A soundstage, to attract some of the films that now bypass Tucson for Albuquerque and Austin, Texas, was added to broaden the appeal of the media center. Mayor Bob Walkup, for example, said he doesn’t know whether he would support a media center, but he’s solidly behind bringing in a soundstage. “I do strongly support a soundstage to be back in motion picture, the TV and the commercial business,” Walkup said. “That’s got some traction, and I would really like to see that re-established in Tucson.” Leal said he supports both a stand-alone community media center and one with a soundstage. —>
A local Rite of spring
BCTV Cable Channel 2: Belfast — Searsport (ME)
[ comments invited ]
Recently the Waldo County YMCA staged two River races. The St. George and Paasagassawakeag races have been held every spring for almost 30 years. This year, for the first time ever, the YMCA decided to have the races filmed to not only be shown on area public access channels, but also to provide each race paricipant with a DVD. There was still snow along the river banks and the weather was brisk, but it was a lively event to watch and the one hour program that was produced should be entertaining to see. There were many local participants, and you may just recognize a neighbor. It is wonderful that the Y has provided us with this program and we hope other organizations in our community will do the same.
New approach to community broadcasting
[ comments invited ]
The Australian Communications and Media Authority has announced a new approach and a number of ongoing initiatives to improve its interactions with the community broadcasting sector. The new approach will be more proactive, entail a review of processes and procedures and have a focus on improved information, consultation and transparency.
“This sector is incredibly diverse and its several hundred members vary widely in their size and resources and the quality of their governance arrangements. We have gone back to first principles and are looking for better ways to do business with the sector. The aim is to ensure sector members continue to serve the community while at the same time making the regulator more accessible and more accountable,” said Chris Chapman, ACMA Chairman.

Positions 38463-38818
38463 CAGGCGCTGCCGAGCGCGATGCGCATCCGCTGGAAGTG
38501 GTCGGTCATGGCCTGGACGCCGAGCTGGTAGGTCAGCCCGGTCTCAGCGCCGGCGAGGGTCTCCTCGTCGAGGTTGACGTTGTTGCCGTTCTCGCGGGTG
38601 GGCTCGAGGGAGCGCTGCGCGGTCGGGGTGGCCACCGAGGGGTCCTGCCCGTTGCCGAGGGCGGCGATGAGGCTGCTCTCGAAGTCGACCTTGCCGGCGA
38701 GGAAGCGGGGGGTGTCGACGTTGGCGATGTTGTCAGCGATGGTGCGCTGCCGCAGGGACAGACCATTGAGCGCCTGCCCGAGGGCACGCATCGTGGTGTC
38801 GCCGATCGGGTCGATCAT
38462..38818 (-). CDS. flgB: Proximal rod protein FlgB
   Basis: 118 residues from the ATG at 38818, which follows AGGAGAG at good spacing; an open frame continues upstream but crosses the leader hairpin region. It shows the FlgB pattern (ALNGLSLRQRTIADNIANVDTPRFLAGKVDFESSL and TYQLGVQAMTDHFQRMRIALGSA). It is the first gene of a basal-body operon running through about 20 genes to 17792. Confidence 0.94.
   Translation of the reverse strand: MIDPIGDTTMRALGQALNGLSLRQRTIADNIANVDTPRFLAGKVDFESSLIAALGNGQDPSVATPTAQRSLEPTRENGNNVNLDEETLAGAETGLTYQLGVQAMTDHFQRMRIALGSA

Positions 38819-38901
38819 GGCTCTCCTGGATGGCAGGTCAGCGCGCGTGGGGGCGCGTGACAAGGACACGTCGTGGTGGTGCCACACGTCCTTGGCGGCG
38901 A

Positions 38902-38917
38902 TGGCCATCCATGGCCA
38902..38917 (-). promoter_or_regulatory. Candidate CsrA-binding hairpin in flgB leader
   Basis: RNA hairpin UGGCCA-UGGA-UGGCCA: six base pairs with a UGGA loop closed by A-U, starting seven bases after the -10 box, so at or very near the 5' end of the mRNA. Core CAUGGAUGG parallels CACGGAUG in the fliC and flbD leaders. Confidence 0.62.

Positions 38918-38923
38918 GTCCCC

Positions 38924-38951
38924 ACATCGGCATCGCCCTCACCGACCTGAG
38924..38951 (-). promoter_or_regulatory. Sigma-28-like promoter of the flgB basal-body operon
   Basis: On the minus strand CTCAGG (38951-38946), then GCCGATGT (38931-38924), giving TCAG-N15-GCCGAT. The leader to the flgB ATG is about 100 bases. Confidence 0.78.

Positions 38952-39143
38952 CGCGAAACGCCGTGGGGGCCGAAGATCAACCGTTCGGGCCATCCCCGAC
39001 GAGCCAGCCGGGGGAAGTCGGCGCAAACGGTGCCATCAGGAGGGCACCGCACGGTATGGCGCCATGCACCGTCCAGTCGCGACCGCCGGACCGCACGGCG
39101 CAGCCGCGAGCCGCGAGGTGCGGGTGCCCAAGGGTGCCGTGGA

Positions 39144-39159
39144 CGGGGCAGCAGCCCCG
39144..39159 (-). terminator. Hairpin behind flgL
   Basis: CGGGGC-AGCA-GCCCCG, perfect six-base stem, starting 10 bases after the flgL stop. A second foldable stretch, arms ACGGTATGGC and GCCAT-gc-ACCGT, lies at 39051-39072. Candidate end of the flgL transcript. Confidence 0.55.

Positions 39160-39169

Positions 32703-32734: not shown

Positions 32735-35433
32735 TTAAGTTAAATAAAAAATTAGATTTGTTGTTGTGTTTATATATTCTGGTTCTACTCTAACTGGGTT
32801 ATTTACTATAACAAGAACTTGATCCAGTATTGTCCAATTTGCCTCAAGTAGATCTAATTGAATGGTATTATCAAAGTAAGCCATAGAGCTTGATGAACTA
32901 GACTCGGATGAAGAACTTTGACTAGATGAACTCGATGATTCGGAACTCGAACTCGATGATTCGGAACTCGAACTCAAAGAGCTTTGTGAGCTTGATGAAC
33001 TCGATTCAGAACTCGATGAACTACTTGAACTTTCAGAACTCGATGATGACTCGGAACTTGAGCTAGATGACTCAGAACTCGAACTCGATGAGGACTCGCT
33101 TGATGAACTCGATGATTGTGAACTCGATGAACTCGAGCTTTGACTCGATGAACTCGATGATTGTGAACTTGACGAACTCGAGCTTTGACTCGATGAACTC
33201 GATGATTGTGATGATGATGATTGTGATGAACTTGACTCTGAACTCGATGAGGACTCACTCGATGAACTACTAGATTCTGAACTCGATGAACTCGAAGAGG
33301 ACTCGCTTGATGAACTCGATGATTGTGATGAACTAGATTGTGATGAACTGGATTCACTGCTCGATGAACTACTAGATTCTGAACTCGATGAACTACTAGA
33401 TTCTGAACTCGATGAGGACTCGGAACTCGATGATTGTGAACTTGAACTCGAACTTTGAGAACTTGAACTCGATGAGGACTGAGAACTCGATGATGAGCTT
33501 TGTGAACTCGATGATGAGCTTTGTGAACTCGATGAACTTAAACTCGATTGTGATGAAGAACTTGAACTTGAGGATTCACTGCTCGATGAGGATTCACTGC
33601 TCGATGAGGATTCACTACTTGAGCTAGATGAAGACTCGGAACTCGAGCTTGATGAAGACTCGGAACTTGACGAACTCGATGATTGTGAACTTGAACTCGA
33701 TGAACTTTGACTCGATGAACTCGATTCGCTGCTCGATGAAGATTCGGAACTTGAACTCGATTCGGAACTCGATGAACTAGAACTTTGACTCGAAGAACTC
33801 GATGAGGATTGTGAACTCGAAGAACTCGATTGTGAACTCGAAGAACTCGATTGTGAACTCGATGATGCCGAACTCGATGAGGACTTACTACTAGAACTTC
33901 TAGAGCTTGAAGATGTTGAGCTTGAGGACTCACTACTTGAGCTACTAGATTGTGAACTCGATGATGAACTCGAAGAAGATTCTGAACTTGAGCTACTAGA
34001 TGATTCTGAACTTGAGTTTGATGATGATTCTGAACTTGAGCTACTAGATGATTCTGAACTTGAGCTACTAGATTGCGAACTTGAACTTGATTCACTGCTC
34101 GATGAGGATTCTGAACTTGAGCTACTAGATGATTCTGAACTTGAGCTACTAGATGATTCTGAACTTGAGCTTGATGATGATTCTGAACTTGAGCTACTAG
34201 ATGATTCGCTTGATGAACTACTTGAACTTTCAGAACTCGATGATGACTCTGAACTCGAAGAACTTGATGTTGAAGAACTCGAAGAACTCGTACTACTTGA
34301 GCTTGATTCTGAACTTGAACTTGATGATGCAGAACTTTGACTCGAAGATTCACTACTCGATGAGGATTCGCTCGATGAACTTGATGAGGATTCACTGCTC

The first step of ACMA’s new approach to interaction with the community broadcasting sector is the establishment of a new ACMA team, the Community Broadcasting Group (CBG). One aim of the CBG is to interact with the community broadcasting sector and, in particular, its peak bodies in a highly consultative manner.
The CBG’s work encompasses all licence allocations and renewals, complaints and investigations, compliance and enforcement, and the monitoring and review of the codes of practice that govern community radio and community television broadcasting services. A single group dealing with this range of matters will deliver efficiencies and ensure a more consistent approach across the range of issues experienced by the community broadcasting sector. This, in turn, should minimise overlap or delay.
As at 30 June 2007, there were 358 community radio broadcasting services, compared to 274 commercial radio broadcasting services. “This is a large number of community radio broadcasting services. As they obtain access to valuable free-to-air spectrum at little cost, it is important for ACMA to administer the legislative provisions in accordance with the public interest and in the manner intended by Parliament,” said Mr Chapman. —>